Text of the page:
Douglas Fetherling’s first novel opens with a warning: “This is not what happened. It’s only the story of what happened.” Slightly more than 200 pages later, the final sentence of the last chapter contains the word “exophthalmically.” Physically, The File on Arthur Moss is small and slim, but a breezy little page-turner it is not. Fetherling, who is a contributing editor at Saturday Night magazine and the author of Travels by Night: A Memoir of the Sixties, has produced an edgy work of fiction that is by turns stunning and baffling.
THE FILE ON ARTHUR MOSS
By Douglas Fetherling (Lester, 210 pages, $22.95)
Arthur Moss is an introverted Canadian foreign correspondent and the son of a prominent Toronto financier. The book begins in 1970, when he is returning to Saigon for a second stint of covering the Vietnam War—hardly his idea of a dream assignment. It is not the incessant carnage or personal danger he dreads, but the necessity of spending time with Americans. He cringes at their table manners and “trailer-park dialects.” As well, he freely and contemptuously describes the United States as “a place where history has no consequences.”
Through a spooky U.S. government
flack, he meets the enigmatic Jemmie Ramboulin, a Canadian who is making a documentary film in Vietnam. A few years later, when Arthur has returned to Toronto and Jemmie has become a famous actress, they commence a skittish romance via correspondence. In the course of the story, which spans the 1970s and is told by several narrators, mounting evidence suggests that Big Brother resides south of the 49th parallel and is watching Arthur Moss.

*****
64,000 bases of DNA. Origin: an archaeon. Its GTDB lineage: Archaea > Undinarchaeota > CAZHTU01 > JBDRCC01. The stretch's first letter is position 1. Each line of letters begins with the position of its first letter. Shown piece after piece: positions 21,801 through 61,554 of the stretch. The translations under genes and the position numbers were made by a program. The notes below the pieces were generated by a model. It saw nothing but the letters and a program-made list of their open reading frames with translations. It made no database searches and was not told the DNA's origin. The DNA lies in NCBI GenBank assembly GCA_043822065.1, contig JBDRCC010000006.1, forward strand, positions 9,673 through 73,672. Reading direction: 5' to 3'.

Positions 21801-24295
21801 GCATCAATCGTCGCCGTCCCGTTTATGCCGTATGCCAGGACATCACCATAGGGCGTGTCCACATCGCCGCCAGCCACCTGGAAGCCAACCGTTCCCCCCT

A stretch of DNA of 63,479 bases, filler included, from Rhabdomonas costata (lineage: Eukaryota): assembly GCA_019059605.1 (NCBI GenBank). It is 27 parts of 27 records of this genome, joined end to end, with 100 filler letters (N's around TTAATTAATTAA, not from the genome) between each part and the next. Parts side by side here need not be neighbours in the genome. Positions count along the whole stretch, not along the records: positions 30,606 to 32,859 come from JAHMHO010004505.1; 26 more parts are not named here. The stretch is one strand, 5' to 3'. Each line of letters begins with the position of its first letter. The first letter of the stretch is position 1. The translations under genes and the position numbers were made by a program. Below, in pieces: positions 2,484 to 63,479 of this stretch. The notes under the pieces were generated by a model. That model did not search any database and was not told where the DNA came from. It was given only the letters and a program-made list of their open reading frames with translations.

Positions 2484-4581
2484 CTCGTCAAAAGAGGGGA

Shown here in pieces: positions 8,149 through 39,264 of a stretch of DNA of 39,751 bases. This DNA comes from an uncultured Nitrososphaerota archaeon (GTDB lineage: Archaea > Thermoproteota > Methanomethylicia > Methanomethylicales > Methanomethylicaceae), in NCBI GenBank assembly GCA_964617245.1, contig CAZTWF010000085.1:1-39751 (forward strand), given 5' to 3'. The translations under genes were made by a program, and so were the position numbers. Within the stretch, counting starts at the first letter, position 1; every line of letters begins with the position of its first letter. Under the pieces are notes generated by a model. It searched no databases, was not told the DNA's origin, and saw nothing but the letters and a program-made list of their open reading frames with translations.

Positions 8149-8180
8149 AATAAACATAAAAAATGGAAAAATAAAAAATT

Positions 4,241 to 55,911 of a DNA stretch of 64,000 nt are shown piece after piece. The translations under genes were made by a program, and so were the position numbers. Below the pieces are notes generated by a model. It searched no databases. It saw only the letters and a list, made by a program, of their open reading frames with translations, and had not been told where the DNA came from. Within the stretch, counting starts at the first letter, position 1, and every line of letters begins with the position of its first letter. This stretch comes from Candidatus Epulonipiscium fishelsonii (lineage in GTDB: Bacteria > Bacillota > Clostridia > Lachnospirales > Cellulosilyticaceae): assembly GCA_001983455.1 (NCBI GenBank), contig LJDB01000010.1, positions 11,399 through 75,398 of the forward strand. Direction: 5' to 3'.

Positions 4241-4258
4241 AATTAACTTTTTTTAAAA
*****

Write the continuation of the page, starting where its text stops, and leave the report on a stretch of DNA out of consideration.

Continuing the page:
This scenario is bound to strike some readers as paranoid: it is arguable that the usual American reaction to Canadians is not wariness but indifference. In other regards, the book veers between incisive, complex beauty and pretentious opacity. The U.S.-born Fetherling, who came to Canada in 1967, is a gifted phrasemaker who has succeeded in creating vivid characters. His novel is also a fascinating meditation on the elusiveness of truth. But often he seems to be trying too hard to dazzle with intellectual bravura: the concluding chapter is as accessible as VCR programming instructions written in a secret code. In one of her letters to Arthur, Jemmie observes that “a lot of books by men are just elaborate games or model kits, sometimes brilliant, often dreary.” She is a very perceptive character.
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